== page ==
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Weaving Success

March 26, 2022
Basket-weaving shop raising awareness for people with disabilities

By Carly Newton of the Press-Republican
Riesa Warren (right) helps a participant in the basket-weaving class. Warren, because of her weaving skills, was nicknamed “high-speed underwater basket weaver” by her brother. She has made over 1,800 baskets since the Basket Weavers Guild Program began in 2008. She said people are often surprised to learn who makes the baskets.
Baskets made by the Basket Weaver’s Guild are shown for sale at Mountain Weavers’ Farm Store
Assistant Director for Community and Staff Relations for Mountain Lakes Services Elizabeth Rutkowski (from left), Senior Director of Supported Employment and Community Services for Mountain Lakes Services Steve Lewis, basket weaver Riesa Warren, and Basket Weaver’s Guild Program Manager Andrea Connor gather for a photo in the basket-weaving workshop.

PORT HENRY — Basket weaving is bringing one North Country community together.

Mountain Weavers’ Farm Store, run by Essex County’s Mountain Lakes Services, and located at 4322 Main Street in downtown Port Henry, is helping change local perspectives of individuals with disabilities through their Basket Weavers Guild Program.

The program, managed by Andrea Connor, recently made basket-weaving classes available to the public twice a month and are being taught by Riesa Warren, an individual receiving services from Mountain Lakes Services.

With March being Developmental Disability Awareness Month, Connor said it’s especially important now to continue educating the public on individuals with disabilities. “Traditionally, when you mention someone with a disability, people think, ‘what is the deficit? What can’t they do?’ And the fact is, they can do just about anything,” Connor said. “A lot of times, they never had that opportunity before, and they will absolutely amaze you and surprise you — specifically in teaching classes.”

The basket-weaving classes, which began in February, have had a lot of support from the community so far — with the first month selling out in 36 hours. Currently, they’re only offering an introductory class for $25 that takes about two and a half hours to complete, with a maximum of six people allowed for each session. Connor said they will begin offering more advanced classes as more people get through the introductory level. “All baskets, other than this basic one, take a lot longer,” she said. “The response has been overwhelming. Every single person in attendance asked, ‘what was next? When could they come back?”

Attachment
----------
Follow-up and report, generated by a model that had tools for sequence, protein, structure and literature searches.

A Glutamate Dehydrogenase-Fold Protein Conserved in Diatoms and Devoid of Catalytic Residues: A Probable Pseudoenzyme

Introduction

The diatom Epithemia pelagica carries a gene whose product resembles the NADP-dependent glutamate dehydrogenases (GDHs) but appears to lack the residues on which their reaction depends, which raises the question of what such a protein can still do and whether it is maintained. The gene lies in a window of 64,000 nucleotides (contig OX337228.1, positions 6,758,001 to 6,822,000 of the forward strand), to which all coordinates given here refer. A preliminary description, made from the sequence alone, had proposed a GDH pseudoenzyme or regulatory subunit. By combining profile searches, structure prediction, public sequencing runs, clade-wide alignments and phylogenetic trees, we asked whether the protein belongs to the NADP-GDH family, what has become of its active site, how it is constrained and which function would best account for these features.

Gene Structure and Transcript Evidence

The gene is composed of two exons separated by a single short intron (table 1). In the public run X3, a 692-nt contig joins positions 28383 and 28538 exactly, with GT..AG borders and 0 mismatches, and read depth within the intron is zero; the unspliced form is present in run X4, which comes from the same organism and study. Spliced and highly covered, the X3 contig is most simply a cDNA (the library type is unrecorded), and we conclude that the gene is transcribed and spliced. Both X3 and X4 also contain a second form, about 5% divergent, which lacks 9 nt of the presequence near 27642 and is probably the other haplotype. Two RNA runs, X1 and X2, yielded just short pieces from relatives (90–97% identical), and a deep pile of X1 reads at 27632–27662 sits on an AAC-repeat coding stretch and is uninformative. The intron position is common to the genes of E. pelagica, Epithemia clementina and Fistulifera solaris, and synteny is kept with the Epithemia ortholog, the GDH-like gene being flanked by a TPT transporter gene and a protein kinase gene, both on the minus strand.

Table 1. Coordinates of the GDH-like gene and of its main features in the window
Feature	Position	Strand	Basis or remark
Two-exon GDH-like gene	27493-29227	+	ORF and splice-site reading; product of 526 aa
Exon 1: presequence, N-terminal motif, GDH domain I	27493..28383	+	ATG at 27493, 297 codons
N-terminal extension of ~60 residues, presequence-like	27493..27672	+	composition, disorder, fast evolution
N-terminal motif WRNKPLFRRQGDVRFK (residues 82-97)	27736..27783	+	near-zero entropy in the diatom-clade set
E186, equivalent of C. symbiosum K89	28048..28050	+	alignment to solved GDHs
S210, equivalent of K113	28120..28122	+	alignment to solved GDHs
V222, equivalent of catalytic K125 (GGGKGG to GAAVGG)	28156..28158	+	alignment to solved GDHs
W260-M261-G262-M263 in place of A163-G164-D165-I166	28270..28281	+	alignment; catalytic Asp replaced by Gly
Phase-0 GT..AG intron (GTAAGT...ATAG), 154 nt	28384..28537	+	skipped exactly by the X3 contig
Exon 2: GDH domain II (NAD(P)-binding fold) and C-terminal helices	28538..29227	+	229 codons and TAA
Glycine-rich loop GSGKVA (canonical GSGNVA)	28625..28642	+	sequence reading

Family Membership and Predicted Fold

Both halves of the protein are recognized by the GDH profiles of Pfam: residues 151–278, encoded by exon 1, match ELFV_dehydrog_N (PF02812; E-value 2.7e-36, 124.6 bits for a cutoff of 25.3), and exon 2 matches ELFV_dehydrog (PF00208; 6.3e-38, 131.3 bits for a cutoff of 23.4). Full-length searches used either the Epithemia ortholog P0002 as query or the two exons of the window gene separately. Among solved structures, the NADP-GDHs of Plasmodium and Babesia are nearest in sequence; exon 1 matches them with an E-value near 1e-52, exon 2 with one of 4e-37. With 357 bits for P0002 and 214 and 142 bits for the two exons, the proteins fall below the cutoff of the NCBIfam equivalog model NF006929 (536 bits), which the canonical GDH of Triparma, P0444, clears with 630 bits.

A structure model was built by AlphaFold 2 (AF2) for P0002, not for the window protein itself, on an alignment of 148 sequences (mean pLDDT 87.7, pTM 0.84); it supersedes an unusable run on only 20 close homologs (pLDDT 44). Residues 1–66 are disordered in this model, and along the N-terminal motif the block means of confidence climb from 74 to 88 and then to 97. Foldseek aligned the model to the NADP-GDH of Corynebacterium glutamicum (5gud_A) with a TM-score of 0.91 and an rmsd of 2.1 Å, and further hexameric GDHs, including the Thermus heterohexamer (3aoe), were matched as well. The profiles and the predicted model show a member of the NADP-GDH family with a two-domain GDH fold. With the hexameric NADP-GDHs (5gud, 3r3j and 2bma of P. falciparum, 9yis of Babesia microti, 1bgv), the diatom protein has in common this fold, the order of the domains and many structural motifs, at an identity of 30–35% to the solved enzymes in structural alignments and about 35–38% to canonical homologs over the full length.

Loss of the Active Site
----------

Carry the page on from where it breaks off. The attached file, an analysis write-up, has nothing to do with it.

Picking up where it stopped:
Warren, because of her weaving skills, was nicknamed “high speed underwater basket weaver” by her brother. She has made over 1,800 baskets since the Basket Weavers Guild Program began in 2008. She said people are often surprised to learn who makes the baskets. “I like going out in the summer and doing craft fairs and farmers markets. Some people’s jaws drop when I tell them they’re made by people with developmental disabilities,” Warren said. “I’ve overcome a lot. I had a stroke when I was 14 months old and from that, it damaged part of my brain, and I couldn’t put things together like reading.”

Despite the hardships she has been through, Warren had a natural talent for basket-weaving. Her baskets, along with other weavers’ baskets, have been popular locally, as well as nationally. Parcels, a retail store in Massachusetts run by Northeast ARC Gifts, spent over $1,000 ordering baskets from the Guild last year and this year. “We’ve had a lot of stores ask for our baskets, but in the last two years, we have not been able to keep up with demand,” Connor said. “There are more people that want baskets than baskets that exist.”

Along with the basket-weaving classes, Mountain Weavers’ Farm Store offers plenty of other opportunities for the community to engage with individuals receiving services from Mountain Lakes Services. The Basket Weavers Guild also runs the grocery section of the store by working the cash register and all other customer service aspects of it.

Executive Director for Mountain Lakes Services Jack Mudge said this provides many opportunities for community engagement. “We really wanted to go deeper into helping our participants meet their goals and dreams so they can live their very best lives, but at the same time, in order to do that, we needed to engage the community,” Mudge said. “A lot of times people with disabilities get boxed in and the community doesn’t really engage with them. We want to break that and have them much more valued in the community.” Steve Lewis, senior director of Supported Employment and Community Services for Mountain Lakes Services, also reiterated how important Mountain Weavers’ Farm Store is for everyone involved.

“We have our hands in every single thing we can possibly find in order to meet the needs of the people we’re supporting and their wishes and desires,” Lewis said. “It just improves their lives and gives them a sense of purpose — it gives them the opportunity to have relationships.”